Tuesday, 17 November 2015

Anti-Bullying Week 2015: Dyspraxia, Bullying and Breaking Free

I wanted to this blog about an issue which touches so many people in life throughout their life and can have such an impact on someone, this week is Anti- Bullying Awareness week the hashtag used across social media is #antibullyingweek if you wish to get involved and this years theme is "make a noise about bullying."  Even though this is probably going to be a difficult blog to write I hope it helps someone out there, please feel free to share this to someone you might think it might help.

My experiences of bullying have been in varied situations, from in childhood, to university to then into the workplace. Being dyspraxic meant I've always stood out like a sore thumb compared to others, the way I walk and move in a clumsy un-coordinated way which was different to others, always falling or bumping into others or other things,  it made me socially awkward and struggle to maintain friendships, I always had and probably will have different interests to people my own age, I've always been seen as disorganised, chaotic, messy and a bit all over the place and my dyspraxia/dyslexia meant I was a lot slower at a lot of things than everyone else.  I see the world in a very different way because of how my brain is wired which means people used to say I was a bit odd, but in reality I am just a bit different. 

I don't want to bore you all to death and go into lots of detail about my bullying experiences but I put a lot of it down to lack of awareness and knowledge as to what dyspraxia is and how much it affects day to day life. There's a lot of assumptions made about dyspraxia/dyslexia that it must mean you are stupid, clumsy, careless and  not trying hard enough, I even got told  I was a bad role model and I would never be successful or achieve anything in life. On top of remarks being made about my physical appearance (I also have pcos) the way I dressed and, being left out which had an huge emotional effect on me, I had people run away from me and was also physically attacked. 

Words can have such an impact on your life and how you see and perceive yourself. It made me lose what little confidence I had to begin with and I would hear the words of what people were saying constantly. I thought I must really be stupid and ugly if it was constantly being said to me and a long cycle of self hatred began, I became to anxious to speak and when I did speak my hands shook as I was so scared that I would just sound stupid if I spoke, I began self harming and it visibly upset my boyfriend and mum as I was constantly low, beating myself up and saying how they deserved better than me. 

But it was after I presented Mollie King with a fundraiser a few years ago and she wrote me a positive note when I realised that I could achieve something with my life and maybe I wasn't as bad as I thought I was and that I was worthy of positivity. It was after that day I decided that nobody should have to go through what myself or my family had been through and I was determined that more awareness needed to be raised about hidden differences.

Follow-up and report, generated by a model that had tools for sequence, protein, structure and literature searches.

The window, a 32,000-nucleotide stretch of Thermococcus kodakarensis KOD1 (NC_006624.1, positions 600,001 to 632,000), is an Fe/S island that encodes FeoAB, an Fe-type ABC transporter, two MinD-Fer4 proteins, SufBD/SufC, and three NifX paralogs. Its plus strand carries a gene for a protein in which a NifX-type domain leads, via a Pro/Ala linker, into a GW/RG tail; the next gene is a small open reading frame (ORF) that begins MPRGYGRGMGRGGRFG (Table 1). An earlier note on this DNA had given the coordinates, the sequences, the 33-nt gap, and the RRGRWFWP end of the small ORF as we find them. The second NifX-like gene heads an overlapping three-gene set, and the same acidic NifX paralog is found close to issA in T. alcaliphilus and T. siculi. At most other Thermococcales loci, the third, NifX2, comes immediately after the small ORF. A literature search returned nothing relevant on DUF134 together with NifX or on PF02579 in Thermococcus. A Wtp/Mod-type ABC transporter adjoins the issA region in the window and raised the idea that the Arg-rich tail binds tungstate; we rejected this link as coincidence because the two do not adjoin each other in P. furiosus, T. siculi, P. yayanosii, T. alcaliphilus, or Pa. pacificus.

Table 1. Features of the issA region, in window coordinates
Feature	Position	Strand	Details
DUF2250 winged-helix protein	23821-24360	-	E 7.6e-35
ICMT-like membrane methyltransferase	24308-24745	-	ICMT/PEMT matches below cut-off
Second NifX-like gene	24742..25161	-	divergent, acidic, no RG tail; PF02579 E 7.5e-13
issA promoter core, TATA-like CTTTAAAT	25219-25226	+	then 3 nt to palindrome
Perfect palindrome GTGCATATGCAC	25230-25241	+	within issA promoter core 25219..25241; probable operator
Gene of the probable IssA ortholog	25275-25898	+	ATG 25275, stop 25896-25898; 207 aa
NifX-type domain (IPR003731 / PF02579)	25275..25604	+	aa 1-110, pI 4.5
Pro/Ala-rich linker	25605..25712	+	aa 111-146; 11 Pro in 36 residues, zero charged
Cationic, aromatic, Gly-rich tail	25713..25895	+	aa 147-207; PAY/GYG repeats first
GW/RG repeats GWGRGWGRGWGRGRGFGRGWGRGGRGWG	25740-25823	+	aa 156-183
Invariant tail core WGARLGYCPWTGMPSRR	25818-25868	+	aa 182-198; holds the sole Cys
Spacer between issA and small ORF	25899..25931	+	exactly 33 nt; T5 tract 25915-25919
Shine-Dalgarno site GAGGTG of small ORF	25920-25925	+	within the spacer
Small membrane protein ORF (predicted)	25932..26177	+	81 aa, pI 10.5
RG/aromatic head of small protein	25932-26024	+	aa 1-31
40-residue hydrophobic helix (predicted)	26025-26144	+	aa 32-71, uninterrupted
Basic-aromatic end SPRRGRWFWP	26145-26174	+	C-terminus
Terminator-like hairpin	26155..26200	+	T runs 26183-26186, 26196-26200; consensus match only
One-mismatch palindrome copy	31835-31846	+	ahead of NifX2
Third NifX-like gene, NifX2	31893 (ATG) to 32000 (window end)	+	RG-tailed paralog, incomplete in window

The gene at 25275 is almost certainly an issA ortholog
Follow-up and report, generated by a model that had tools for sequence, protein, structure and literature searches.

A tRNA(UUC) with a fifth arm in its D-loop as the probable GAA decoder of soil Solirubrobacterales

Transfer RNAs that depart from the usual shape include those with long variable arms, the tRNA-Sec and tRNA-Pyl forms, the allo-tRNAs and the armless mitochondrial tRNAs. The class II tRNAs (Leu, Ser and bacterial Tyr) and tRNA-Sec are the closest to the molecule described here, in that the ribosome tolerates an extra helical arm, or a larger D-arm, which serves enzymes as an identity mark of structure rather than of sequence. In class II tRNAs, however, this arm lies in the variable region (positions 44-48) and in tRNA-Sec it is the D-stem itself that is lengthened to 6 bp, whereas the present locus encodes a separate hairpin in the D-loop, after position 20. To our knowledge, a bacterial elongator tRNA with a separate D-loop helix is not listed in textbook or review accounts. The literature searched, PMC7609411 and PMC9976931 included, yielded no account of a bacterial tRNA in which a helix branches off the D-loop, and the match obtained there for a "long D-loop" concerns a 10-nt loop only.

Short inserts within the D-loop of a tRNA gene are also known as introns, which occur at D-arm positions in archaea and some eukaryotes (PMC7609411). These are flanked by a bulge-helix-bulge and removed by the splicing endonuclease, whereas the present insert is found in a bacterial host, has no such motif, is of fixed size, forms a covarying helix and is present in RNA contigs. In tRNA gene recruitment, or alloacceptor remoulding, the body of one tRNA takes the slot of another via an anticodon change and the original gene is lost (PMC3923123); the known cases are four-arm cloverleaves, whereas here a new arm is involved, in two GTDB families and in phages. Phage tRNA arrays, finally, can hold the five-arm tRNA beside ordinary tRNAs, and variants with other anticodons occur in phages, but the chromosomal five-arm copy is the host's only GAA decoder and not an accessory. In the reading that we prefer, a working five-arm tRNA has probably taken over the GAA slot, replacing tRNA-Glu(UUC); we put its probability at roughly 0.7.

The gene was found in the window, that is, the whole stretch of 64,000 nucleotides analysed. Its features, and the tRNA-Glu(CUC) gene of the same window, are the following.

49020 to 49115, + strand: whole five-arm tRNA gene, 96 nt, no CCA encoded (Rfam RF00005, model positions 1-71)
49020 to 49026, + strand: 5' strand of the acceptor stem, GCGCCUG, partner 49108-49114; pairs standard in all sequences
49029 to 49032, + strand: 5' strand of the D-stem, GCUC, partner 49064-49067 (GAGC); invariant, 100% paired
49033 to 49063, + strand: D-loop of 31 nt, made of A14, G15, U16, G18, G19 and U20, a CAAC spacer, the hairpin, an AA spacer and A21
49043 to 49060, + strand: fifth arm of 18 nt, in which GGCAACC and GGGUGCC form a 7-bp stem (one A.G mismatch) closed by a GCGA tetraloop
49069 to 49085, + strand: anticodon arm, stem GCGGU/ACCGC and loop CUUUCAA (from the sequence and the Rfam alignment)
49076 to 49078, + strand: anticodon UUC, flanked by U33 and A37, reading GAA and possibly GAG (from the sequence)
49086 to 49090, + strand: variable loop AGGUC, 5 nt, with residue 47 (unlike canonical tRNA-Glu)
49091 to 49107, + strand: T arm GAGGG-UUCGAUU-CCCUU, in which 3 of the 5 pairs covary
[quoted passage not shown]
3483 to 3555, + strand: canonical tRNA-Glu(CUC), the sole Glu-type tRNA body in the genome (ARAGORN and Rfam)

That was over 2 years ago now and since that day I have done 3 speeches, won a the Mary Colley award from the Dyspraxia Foundation and this blog which I began at the beginning of my journey has reached nearly 3/4 of a million views whilst achieving a masters and working as a learning support. I have also been able to prove the people wrong who said I wouldn't achieve anything. Thanks to the ladies at The Dyspraxia Foundation and a supportive boss I have managed to find a purpose in my life and piece back together the broken pieces. I highly doubt I would be so determined and resilient and it's made me a lot stronger person. 

The message I want to get across from this blog is that firstly if you or someone you are close to are or have been experiencing bullying it's not your fault, secondly bullying should never be seen as just growing up and thirdly people bully because they aren't dealing with their own issues properly, it doesn't mean you're a bad person. Please never struggle in silence 

Even though I'm still accessing help to come to terms with what happened to me, I get flashbacks and I still have times when I struggle with my mental heath and my confidence and self esteem isn't amazing but I am working on them. The bullying I experienced has taught me the power of words and why I choose mine so carefully and not make judgments and assumptions about others. It's also taught me that beauty is more than just physical attraction, even though I will never see myself as beautiful I know I have a good heart and that's the most important thing.

Words have the power to encourage, destroy, make someone hate themselves or make someone feel hopeful. I am also determined before I die the world will know more about dyspraxia.  More than anything my mum has a smile back on her face and is hopeful for the future and to me that makes everything worthwhile.




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